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Multiple excuses

It is a grey and grizzly Monday morning. One of the many golden rules of writing investment blogs is never to alliterate the letter ‘g’. Kipling has had the copyright on this since 1902. And ‘the great grey-green greasy Tamar’ just does not work quite as well. Or at all, to be honest.

It is a given that my holidays and Hawksmoor’s roadshows will coincide with a market ‘event’. So, as we were jollily training over to Norfolk last Wednesday with our sandwiches and lashings of ginger beer, equity markets duly took a baarf.

Readers will know that this column maintains a degree of skepticism about the attribution of most market moves. I spent much of last Wednesday evening and Thursday morning scouring the papers, tinterweb and brokers’ comments to try to understand why it was that global equity had so dramatically become 3% cheaper. I am still scouring.

The giveaway that nobody knows is when the explanations are multiple. It is the same when hearing the excuse of why someone failed to turn up for a drink, or dinner, or meeting. “I wasn’t feeling well and we had to take the gerbil to the vet”. We know that would be a porky pie, and that the real reason was “I don’t like you very much and couldn’t be bothered”.

So when a big market event is blamed on any combination of the manufacturing data, Trump, Hong Kong, the trade wars, Brexit, the oil price, the yield curve and the weather, you know that no one actually knows. It was, as Frank Sinatra sang, just one of those things.

Everyone knows that market events do just happen, that they are inevitable and unavoidable. It is also probably fair to suggest that they have taken on even greater import in this post-MiFID world in which we’re living. The natural cut and thrust, the ebbs and flows, the swings and roundabouts, all bear the threat of having to write 10% drop letters to clients. It is akin to writing to someone if there is more than 3 inches of rain in a month to see if they want to move house and go somewhere drier.

But thank you to everyone who came along to the opening week of our roadshows. It was lovely to see you all and we hope that it was proper use of your valuable time. This week we trip along to Taunton, Bath, Bournemouth and Hook. If anyone is unable to resist the last minute temptation to come along, please let Jill know as soon as possible.

This will be another windy week. As much as I have tried to pooh-pooh last Wednesday as a one orf, the chances are that it isn’t. The impeachment case against Trump is growing and any increase in potential fortunes of the Democrats is going to be taken poorly. Equally, there is a growing conviction that we are all heading to recession and markets are looking for evidence to support their pre-determined conclusion. Thus everyone clenched their gluteus maxima when they saw the US Manufacturing ISM, but chose to ignore the inconvenience of the sister PMI Survey rising to a five month high.

We have always believed that companies are more reliable indicators of the state of the world than economic data. This does not mean that we necessarily always believe it – bad management can be easily passed off as weak end markets. But we do listen.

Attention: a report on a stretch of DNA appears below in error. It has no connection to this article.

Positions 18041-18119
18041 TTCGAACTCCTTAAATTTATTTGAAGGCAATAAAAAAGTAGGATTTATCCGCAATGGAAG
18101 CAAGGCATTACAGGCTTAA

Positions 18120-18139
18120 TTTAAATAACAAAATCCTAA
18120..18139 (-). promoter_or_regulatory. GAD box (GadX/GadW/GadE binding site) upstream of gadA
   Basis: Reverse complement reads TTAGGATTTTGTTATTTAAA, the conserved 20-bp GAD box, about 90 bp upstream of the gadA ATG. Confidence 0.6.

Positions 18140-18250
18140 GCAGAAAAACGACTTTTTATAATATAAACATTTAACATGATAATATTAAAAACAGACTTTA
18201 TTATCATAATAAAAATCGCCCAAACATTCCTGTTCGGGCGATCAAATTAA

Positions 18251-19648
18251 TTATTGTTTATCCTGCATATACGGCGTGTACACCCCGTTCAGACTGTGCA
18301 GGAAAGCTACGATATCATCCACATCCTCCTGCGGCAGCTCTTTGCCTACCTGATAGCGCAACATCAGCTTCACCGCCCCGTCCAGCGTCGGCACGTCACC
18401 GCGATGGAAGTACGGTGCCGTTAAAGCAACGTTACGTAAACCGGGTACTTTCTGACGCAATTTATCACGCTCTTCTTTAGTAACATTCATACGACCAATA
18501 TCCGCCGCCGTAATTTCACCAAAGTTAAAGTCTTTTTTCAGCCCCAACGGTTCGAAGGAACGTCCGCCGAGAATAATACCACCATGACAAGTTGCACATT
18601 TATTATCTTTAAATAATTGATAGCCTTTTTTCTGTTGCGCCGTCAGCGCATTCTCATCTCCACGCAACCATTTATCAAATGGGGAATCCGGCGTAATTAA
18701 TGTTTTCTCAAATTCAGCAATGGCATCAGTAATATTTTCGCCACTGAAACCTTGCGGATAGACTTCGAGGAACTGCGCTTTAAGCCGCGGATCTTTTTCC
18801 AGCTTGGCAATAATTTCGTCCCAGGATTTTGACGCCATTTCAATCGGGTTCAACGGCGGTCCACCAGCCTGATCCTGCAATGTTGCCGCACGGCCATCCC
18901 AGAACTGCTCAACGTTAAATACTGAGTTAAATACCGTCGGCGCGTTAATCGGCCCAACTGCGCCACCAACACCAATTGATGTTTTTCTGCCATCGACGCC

There is little doubt that Brexit has, quite recently, caused many to hit the pause button. The escalation of the possibility of No Deal, with the accompanying Yellowhammer guide book, is undoubtedly making people wait and see. Why buy, build or invest now? It may be 10% cheaper in a week/month.

It is a two-edged sword. The brightness on this drizzly Monday morning is that there is tremendous built up demand, once we finally get over the line. Lest anyone thinks I have the slightest bias, this includes No Deal. Both Deal and No Deal are merely starting points for years (decades) of negotiations. The difference is that with one of them, our ports will clog up for a while until we work out the best way to take the warfarin. Once we have a decision, houses will sell, projects will be funded, orders will be placed. The statement of the obvious is that we need to get a move on. Just ask SIG.

Last week’s list of eponymous foods was clearly uninspiring. Today, Labrador dogs, Panama hats, Arabic numerals, Chinese checkers, koala bears, peanuts, strawberries…what’s the link?

Chart of the Week:

SIG, past 2 years. Ouch.

All charts and data sourced from FactSet

Jim Wood-Smith – CIO Private Clients & Head of Research

Hawksmoor Investment Management Limited is authorised and regulated by the Financial Conduct Authority ( with its registered office at 2nd Floor Stratus House, Emperor Way, Exeter Business Park, Exeter, Devon EX1 3QS. This document does not constitute an offer or invitation to any person in respect of the securities or funds described, nor should its content be interpreted as investment or tax advice for which you should consult your independent financial adviser and or accountant. The information and opinions it contains have been compiled or arrived at from sources believed to be reliable at the time and are given in good faith, but no representation is made as to their accuracy, completeness or correctness. The editorial content is the personal opinion of Jim Wood-Smith, CIO Private Clients and Head of Research. Other opinions expressed in this document, whether in general or both on the performance of individual securities and in a wider economic context, represent the views of Hawksmoor at the time of preparation and may be subject to change. Past performance is not a guide to future performance. The value of an investment and any income from it can fall as well as rise as a result of market and currency fluctuations. You may not get back the amount you originally invested. Currency exchange rates may affect the value of investments.

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